Video Vanguards: Marketing With the Web’s Elite Entertainers

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Article ImageNumbers rarely tell the story, but sometimes, they can go a long way. Such is the case with the growth of YouTube as a branding platform, targeted advertising medium, and vehicle to reach consumers, especially younger ones.

It's no longer just the home of cute cat videos and footage of an 8-year-old's first soccer goal; YouTube is a huge force in social media. Here's a snapshot of the company's imposing reach:

  • YouTube is the second largest search ?engine after Google, its parent company.
  • More than 300 hours of content are ?uploaded to YouTube every minute.
  • The number of YouTube hours watched ?each month is up 50% year over year.
  • Three YouTubers interviewed President Barack ?Obama after his 2015 State of the Union speech.

Popular YouTube stars--known as influencers or creators--are every bit as popular and influential as Jennifer Lawrence and Jon Stewart. With the younger crowd, they hold a considerable amount of sway.

Is It Video's Time?

According to the experts, YouTube's time has arrived as a serious advertising and marketing platform. "It's become the behemoth that you have to acknowledge," says Brendan Gahan, founder of EpicSignal. "The type of conversations that we're having with brands now have shifted from, ‘Oh, I want to do a video' to, ‘I want to create a community.' They're thinking about building up their subscriber base and thinking strategically about the content they're creating."

One company that helps businesses find and engage with creators has experienced a similar epiphany. "I've been doing this for 2 1/2 years, and just in the last 6 months, there's been a groundswell of demand," says Jonathan Davids, founder and CEO of Influicity. "I was recently at one of the big broadcasters who's looking to get into this world. We're finding that the demand is really pull side. We're not having to do a lot of hard selling, and the rationale is very simple: More and more eyeballs are moving to these services."

Asked what changed in the past year or so to make businesses take YouTube and its creators seriously, Gahan cited Disney's 2014 acquisition of Maker Studios for almost $1 billion. Maker was started by a group of YouTube creators to build a one-stop shop for entertaining videos on YouTube. The company, which is one of many multichannel networks on YouTube, says it is the largest content network on the platform.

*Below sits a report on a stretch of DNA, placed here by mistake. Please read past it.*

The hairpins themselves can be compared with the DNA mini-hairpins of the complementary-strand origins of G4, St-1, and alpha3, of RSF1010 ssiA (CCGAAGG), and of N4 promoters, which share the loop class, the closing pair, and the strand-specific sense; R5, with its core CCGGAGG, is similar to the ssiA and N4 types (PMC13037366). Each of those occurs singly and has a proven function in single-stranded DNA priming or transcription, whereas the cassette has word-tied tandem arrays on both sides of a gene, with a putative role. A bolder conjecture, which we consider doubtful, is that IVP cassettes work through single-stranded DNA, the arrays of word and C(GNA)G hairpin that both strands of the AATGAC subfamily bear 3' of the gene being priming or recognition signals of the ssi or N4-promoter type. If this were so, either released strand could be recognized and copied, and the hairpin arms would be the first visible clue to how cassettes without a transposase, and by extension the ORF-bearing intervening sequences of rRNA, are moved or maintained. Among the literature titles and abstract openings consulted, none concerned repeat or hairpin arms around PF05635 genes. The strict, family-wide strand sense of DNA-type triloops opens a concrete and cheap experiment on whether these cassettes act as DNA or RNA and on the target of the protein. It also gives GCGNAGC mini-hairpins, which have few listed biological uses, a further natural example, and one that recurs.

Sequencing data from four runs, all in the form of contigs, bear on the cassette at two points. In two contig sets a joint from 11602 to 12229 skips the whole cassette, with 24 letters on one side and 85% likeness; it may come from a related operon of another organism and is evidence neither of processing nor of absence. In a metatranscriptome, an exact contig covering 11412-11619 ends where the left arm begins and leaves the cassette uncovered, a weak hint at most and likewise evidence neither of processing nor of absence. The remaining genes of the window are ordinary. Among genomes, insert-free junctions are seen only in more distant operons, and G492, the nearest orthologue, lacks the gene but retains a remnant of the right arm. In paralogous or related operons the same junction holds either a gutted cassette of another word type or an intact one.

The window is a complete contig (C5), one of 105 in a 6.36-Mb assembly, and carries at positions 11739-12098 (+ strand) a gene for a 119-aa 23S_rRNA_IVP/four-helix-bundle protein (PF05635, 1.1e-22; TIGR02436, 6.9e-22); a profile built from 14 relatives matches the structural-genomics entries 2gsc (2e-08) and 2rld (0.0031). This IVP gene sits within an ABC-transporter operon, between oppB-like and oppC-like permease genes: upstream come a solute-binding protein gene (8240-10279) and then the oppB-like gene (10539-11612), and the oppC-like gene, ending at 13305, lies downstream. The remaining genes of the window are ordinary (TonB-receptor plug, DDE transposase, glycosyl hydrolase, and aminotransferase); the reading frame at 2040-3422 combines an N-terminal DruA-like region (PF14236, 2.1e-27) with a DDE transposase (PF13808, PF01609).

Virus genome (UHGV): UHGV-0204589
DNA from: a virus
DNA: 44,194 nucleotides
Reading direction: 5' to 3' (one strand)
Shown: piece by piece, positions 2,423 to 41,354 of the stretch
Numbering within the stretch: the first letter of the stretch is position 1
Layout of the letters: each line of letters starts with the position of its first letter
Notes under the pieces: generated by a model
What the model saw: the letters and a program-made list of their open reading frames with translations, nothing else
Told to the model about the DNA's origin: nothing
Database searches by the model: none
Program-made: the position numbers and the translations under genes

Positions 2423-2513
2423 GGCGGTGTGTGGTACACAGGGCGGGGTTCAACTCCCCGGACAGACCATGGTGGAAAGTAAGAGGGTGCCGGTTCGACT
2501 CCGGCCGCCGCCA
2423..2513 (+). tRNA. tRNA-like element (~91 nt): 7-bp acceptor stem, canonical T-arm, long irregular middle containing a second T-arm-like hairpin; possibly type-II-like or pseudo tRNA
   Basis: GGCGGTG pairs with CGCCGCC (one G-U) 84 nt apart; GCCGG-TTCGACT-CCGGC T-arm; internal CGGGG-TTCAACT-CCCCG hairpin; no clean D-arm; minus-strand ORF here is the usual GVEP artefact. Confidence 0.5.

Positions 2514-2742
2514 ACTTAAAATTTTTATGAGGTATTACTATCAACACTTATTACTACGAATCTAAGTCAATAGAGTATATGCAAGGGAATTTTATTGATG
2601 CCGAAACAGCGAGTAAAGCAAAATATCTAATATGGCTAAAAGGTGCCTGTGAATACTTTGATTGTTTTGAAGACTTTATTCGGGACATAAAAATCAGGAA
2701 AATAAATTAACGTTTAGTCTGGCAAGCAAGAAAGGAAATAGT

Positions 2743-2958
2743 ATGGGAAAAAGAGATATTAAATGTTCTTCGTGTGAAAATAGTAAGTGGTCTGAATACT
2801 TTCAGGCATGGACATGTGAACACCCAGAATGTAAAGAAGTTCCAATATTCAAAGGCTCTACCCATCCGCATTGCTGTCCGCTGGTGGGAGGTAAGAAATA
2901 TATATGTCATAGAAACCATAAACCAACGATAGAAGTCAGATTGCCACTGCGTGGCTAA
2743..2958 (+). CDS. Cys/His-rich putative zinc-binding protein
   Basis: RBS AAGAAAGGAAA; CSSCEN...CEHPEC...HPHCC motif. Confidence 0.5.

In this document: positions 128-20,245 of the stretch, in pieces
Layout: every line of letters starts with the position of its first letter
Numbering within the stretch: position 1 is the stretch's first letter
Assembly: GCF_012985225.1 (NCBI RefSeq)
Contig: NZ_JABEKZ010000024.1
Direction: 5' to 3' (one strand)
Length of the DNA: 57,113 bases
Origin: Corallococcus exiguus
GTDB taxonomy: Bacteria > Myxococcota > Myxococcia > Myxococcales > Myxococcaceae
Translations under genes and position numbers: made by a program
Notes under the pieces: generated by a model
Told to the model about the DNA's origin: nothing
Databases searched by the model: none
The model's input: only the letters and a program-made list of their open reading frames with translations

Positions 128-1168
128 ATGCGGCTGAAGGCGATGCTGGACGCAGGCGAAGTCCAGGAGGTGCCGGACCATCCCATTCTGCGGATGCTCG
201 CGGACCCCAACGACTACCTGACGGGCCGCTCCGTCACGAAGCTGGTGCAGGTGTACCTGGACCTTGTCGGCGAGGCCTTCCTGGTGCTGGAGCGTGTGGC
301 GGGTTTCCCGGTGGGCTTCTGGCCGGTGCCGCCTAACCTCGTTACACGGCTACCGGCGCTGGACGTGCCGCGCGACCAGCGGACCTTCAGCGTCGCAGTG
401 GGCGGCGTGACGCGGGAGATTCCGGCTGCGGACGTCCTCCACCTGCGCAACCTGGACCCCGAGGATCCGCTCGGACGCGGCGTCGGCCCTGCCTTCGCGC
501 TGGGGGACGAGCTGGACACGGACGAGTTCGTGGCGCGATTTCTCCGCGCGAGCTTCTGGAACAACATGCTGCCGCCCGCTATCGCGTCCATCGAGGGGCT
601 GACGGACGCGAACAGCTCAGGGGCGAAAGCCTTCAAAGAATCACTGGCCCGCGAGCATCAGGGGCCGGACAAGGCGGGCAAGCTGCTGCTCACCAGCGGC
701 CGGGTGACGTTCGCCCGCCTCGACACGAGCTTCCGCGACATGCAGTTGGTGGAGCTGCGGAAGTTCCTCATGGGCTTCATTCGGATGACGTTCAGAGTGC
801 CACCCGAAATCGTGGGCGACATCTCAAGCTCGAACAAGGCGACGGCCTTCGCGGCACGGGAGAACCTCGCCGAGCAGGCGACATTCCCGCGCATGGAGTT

"Maker being bought by Disney kind of shed a light on the industry, almost kind of blessed it and gave it a lot more credibility," Gahan says. "Whereas before, I don't think people were not necessarily willing to take a risk on the platform."

Another factor is that video is now ubiquitous on social networks. "The new social networks-Vine and Snapchat-are grounded in video, and all of the existing social networks are really focusing on their video features," says Gahan. "Twitter video just launched, Instagram has video, and Facebook is doing their big video push. Parallel to that, video is so accessible. Everyone is just using it as a de facto form of communication now."

And it's not just longer-form video that has grabbed many brands' attention. Vine, the Twitter-owned home of 6-second videos, is riding YouTube's coattails. "By the time Vine became popular, brands were smart to keep an eye out for popular Vine stars and work with them in the same way they did with YouTubers," Gahan says. "As a result, advertisers have really jumped onto the Vine bandwagon."

YouTubers = Business

"YouTube really proved the digital-influencer model," Gahan says. "It was an uphill battle in the early days to convince brands to collaborate with YouTube creators, but over time, it gained acceptance."

Brands and agencies should have asked teens, as they were already there and didn't need to be told that YouTubers are at least on par with TV and movie stars. A 2014 Variety study found that six of the top 10 most influential figures among teens were YouTubers, with the video network sweeping the top five. Jennifer Lawrence came in seventh.

It's not surprising businesses are flocking to YouTubers and Viners to reach this market, but the non-traditional stars are also enormously popular with the coveted age 18-34 demographic. Many YouTubers have massive audiences-tens of millions of people-so it pays for brands to team up with them.

"The efficiencies from a brand point of view are just exponential," Gahan says. "One person is talent, production, and distribution. To reach the same amount of people, you'd have to get a creative agency, get the storyboards, pay hundreds of thousands of dollars in production, and buy air time on TV. To reach the same audience, you could spend 100x without trying too hard and not get nearly the same result."

The younger, digital audience is looking for something more than a traditional TV commercial, says Rob Ciampa, CMO at Pixability. "They're looking for something like an experience that they can relate to, and that's what ties them to the brand these days."

Even though YouTube is hugely popular with teens and tweens, those age 18-34 are also finding plenty of creators to stay entertained, Gahan says, including comedian Philip DeFranco and thrill-seeker Devin Graham (YouTube handle: devinsupertramp). "I'd argue that they're more influential among that set than The Daily Show, which is what people think of when you want to reach 18-34 year olds," he says.

Adults age 35 and older aren't left out of the YouTube channel explosion, as there are more than 2 million channels with at least 50,000 subscribers, Gahan says. Brands and agencies can tap one of these niche channel experts to represent their product or service.

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